Thompson reached out to the Sir Victor Sassoon Heart Foundation, an organization which assists children who otherwise would be unable to receive cardiac care.
“I was like, Lord help me; I can’t do this alone.”
Thompson and her fiancée spoke to his friend Tony Pfau, from Denver, Colorado, who her fiancée dives with and whom he remained friends with over the years, to help set up a crowdfunding site, through the foundation’s American counterparts. The crowdfunding page went live on February 6. Nine days later, Thompson received an email from Pfau telling her to check the page as there may be good news. Pfau told them that there was an anonymous, generous donor wanting to donate $85,000-plus, and that they were waiting verification and processing of the money on that end.
“When he said that, I just broke down in tears and told him to give me time to myself. I couldn’t believe it. I said God, you’re a miracle worker, you gave me this money. I have no money to take care of [Ta’mayah] and her surgery.”
Thompson said to process it all, she just needed a minute to herself.
She said her fiancée was speechless.
Since the donation, Thompson and Rolle have since learnt the anonymous donors live in San Diego and they have since spoken.
“They just said they wanted to help. The exact words they said to me was, ‘We are happy to let you know that the cost of the surgery to Ta’mayah is taken care of. Please keep us updated on her progress and we will pray for you all.’”
Thompson said she looks at the donation as a “miracle”. Before the anonymous $85,000-plus donation, Thompson said the amount they had raised was approximately $7,000 and nowhere near what they needed for Ta’mayah’s surgery.
The only thing Ta’mayah now needs to do is make weight. She has to be at least 10 pounds for the surgery to happen. Thompson shared that they have an appointment with Dr. Lightbourne on Thursday to see if Ta’mayah makes the weight.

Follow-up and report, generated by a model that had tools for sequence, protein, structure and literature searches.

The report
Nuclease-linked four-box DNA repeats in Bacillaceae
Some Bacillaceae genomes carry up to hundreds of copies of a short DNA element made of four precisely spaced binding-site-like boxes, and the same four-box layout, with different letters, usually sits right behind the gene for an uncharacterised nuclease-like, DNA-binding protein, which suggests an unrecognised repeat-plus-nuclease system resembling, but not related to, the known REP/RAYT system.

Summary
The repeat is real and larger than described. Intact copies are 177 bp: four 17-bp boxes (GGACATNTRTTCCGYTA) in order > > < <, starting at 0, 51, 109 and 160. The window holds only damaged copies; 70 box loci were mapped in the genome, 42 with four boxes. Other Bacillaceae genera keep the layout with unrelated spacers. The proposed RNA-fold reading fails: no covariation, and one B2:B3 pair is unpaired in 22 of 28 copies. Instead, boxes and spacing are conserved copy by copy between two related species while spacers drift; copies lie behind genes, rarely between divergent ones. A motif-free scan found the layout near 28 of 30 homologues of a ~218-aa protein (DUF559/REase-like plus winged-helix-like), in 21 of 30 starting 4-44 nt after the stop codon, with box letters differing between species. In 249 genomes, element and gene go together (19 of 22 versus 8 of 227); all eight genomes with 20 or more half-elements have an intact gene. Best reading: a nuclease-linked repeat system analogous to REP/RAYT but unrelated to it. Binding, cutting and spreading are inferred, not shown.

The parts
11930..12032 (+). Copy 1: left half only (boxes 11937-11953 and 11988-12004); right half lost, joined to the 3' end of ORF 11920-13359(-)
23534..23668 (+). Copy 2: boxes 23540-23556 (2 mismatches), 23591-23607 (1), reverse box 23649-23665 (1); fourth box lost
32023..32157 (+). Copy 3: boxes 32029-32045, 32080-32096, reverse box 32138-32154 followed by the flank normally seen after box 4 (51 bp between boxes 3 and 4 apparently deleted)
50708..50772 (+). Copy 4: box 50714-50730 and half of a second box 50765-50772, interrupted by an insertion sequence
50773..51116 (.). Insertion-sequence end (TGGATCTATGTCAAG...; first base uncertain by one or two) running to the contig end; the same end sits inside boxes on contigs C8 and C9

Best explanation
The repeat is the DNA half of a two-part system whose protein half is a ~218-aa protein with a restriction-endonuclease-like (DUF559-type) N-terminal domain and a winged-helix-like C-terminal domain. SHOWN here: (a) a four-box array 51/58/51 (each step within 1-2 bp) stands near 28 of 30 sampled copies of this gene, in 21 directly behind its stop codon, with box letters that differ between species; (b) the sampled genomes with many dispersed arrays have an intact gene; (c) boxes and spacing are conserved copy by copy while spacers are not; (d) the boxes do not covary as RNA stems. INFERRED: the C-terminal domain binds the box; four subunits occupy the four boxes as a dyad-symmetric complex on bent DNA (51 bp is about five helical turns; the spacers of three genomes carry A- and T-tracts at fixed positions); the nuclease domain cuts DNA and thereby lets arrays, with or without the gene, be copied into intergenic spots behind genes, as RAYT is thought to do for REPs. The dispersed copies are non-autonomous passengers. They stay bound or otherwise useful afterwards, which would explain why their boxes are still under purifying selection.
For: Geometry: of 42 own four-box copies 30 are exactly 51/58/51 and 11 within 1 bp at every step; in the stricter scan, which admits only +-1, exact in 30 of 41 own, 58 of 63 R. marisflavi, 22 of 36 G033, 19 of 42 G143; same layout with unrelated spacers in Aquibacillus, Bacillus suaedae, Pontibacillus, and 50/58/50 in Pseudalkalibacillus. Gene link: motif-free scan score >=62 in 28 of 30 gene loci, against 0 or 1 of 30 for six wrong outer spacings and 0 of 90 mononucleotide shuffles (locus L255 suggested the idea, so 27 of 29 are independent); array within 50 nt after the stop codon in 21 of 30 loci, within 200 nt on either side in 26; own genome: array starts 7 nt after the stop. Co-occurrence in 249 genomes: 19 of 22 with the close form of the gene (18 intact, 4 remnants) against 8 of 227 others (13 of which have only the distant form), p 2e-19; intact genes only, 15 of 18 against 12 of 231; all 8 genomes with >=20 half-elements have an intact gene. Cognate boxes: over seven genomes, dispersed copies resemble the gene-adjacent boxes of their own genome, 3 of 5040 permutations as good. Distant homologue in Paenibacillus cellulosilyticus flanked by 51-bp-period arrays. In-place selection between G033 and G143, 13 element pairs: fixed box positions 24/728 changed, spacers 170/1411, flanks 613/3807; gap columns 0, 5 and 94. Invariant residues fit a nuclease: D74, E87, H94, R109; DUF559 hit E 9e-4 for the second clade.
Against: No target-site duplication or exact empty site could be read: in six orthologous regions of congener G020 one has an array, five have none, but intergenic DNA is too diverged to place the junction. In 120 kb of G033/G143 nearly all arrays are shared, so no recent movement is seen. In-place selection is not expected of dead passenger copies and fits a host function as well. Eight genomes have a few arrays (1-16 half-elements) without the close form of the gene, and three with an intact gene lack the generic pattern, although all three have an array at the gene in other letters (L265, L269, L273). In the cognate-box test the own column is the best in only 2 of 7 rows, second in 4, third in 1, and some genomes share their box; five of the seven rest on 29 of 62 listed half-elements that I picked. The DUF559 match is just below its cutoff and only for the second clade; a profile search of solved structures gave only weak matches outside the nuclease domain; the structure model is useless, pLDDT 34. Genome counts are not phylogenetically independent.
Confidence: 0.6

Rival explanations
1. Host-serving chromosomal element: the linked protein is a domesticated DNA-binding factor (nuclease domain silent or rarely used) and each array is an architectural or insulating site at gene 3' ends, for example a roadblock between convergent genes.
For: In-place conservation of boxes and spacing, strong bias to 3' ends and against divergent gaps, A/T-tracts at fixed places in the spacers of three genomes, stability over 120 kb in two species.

Thompson said her hopes and dreams for her baby are limitless.
“I wouldn’t want to limit her from anything. I don’t look at her to be any different from any child and what you put in is what you get out.”
The mother of three said her sons are both in love with their baby sister who she admits is “the apple of their eyes”.
“They are in love with her. I told my middle son, [Michael] they have these Down syndrome dolls, he said ‘Mommy stop emphasizing the Down syndrome, she has it, but it [Down syndrome] don’t have her.’”
Thompson’s “miracle” has taken place during heart awareness month, a special time to bring awareness to people to the need to take care of their hearts, and to raise funds to save children who are in need, because no one ever knows when they will need the help.
The Sassoon Heart Foundation raises money and pays for the surgeries of children of The Bahamas who need assistance. Over 97 percent of every dollar raised goes directly to help the children by Sir Victor Sassoon Heart Foundation.
The foundation has assisted thousands of children since their founding in 1961.
The Bahamas Heart Association is an educational branch that helps to instruct the public on leading heart-healthy lifestyles. The association also raises funds that can assist the Sassoon Foundation.